She also said that one of Lippa's chords felt so intense that she had a kind of "chemical reaction."
That's what Lippa had in mind. "I don't feel that I have written any other score that's as deeply felt or emotional for me," he said.
People who get offered a lot of Broadway projects, and the creative team of "Big Fish" includes members of that elite group, tend to only accept projects that offer them something they really want and have not previously been offered. Smart producers know how to sell in those terms.
In the case of Butz, he gets to step out from his usual Broadway persona of entertaining, if perfidious, scoundrel (as in "Catch Me If You Can" or "Dirty Rotten Scoundrels" or, most recently, "Dead Accounts") and play a leading, sympathetic character with a full emotional arc. Plus, he gets to really sing.
"Most of the parts I get offered don't let me sing," he said, surprising his interviewer. "They let me do patter numbers. But it does not make sense for those characters to hit a high A-flat and hold it. But I am, in fact, a lyrical baritone. And I have found it a thrill to sing big, lush, romantic songs."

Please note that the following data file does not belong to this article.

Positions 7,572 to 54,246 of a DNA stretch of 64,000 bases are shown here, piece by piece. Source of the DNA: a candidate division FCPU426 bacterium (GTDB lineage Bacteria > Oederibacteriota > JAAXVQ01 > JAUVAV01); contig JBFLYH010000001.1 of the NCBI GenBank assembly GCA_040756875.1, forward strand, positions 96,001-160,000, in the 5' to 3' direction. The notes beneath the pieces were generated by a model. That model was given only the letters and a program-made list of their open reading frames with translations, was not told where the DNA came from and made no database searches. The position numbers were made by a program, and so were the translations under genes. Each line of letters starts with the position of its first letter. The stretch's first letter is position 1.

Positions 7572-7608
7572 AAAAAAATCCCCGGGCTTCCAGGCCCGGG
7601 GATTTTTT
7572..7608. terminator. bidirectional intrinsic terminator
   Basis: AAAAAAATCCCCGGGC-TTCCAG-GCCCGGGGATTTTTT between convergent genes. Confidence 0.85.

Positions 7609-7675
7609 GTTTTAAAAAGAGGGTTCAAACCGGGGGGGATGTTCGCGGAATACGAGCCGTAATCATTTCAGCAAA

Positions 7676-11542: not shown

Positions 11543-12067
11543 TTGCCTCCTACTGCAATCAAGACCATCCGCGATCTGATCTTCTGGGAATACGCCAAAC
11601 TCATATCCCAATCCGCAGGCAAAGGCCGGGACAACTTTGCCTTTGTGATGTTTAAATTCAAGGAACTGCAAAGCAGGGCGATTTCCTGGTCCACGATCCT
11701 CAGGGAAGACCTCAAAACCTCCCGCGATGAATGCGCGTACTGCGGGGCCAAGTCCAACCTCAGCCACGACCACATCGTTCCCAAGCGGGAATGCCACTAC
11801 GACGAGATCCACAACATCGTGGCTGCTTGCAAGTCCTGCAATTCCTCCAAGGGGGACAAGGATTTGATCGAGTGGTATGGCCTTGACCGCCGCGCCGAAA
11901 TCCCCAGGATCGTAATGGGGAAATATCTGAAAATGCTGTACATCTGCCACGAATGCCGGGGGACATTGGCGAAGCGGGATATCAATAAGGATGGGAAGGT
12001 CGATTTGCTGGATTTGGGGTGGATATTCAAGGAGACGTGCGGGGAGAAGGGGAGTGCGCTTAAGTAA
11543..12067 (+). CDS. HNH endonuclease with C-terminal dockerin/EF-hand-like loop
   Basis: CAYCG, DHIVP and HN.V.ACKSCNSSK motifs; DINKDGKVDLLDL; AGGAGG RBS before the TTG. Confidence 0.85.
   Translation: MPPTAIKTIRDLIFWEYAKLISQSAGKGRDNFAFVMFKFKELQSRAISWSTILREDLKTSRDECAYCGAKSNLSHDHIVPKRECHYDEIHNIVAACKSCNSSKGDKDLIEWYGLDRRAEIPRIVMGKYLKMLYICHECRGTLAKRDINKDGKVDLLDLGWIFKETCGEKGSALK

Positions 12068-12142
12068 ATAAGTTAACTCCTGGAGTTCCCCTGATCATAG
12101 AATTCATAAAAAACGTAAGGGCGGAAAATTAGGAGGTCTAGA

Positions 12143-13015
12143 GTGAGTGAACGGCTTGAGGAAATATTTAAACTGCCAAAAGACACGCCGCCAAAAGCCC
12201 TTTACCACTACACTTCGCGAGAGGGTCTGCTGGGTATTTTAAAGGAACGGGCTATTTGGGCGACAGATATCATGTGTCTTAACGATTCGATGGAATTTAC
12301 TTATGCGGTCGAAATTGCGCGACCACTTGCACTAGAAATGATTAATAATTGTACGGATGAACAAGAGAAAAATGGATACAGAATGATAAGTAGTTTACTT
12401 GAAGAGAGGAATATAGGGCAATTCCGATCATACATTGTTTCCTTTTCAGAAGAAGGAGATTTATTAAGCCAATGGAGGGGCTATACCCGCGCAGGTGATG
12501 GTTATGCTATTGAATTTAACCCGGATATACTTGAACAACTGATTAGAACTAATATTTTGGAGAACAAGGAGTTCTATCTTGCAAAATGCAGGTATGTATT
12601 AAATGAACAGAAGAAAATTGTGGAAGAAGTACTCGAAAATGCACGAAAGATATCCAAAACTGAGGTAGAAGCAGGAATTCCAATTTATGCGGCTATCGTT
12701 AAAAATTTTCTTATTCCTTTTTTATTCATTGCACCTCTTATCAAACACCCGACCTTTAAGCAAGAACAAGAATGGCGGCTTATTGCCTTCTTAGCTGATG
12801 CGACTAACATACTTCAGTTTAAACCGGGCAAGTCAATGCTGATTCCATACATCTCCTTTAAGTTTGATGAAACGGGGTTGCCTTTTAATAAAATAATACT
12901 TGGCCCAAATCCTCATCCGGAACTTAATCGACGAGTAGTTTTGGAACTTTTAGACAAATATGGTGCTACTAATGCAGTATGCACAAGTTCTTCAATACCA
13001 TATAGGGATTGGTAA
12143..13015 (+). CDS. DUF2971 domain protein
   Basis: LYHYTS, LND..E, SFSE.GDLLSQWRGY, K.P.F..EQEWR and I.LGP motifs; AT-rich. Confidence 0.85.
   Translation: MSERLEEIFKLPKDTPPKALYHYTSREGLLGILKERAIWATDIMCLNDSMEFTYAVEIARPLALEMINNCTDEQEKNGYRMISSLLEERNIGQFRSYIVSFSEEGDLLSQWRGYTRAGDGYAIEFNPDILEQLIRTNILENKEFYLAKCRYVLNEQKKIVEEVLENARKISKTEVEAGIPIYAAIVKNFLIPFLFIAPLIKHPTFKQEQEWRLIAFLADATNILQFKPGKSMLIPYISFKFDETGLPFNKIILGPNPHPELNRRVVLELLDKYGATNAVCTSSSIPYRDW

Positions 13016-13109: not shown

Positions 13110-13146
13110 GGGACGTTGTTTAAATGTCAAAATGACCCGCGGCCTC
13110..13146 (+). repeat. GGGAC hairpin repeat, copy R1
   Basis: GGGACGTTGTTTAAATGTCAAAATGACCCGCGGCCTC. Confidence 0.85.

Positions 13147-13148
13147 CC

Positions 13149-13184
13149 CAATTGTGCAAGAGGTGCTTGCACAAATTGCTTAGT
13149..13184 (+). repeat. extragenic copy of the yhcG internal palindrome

Baldwin, who also has to age with her character, spoke of the deep expressions of love in Lippa's score and August's book and the complexity of her character. "Plus," she said, "I get to dance in a Susan Stroman show."
But how did "Big Fish" hook Stro? Well, it kinda promised her immortality. Just little old that.
"It became very important for me to do this show," says Stroman, later on that wet, blustery March day in New York.
Stroman sees herself as a storyteller — she used that word at the first "Big Fish" press conference in Chicago, then again in TV and press interviews, then again in that rehearsal room. Theater is a transient form and most of its practitioners, even the most successful ones, actually are on a constant quest for some measure of permanence. "Big Fish" elevates the storyteller, even the eccentric storyteller, to great heights. It suggests that only they can control the story of their own life and death.
Stroman said she had a memory of the movie as being "unique." She saw the entry point for her kind of music and dance. She saw that Edward Bloom's stories were naturally theatrical and could be staged as musical numbers without stretching credulity. Even in the movie, you can buy that Bloom would sing these stories if he could. Why not? Stroman saw that the show was filled with emotional keynotes and that could really touch an audience when encountered live. She saw that children might like this, and adults could remember their own childhoods. She saw that the producers wanted this to be a big, expansive show with a full emotional arc. And she saw the redemption of a yarn-spinner whom no one first believed. She saw all kinds of possibilities.
"This show," Stroman said, clearly speaking partly of her hopes for herself, "is about how storytellers never die."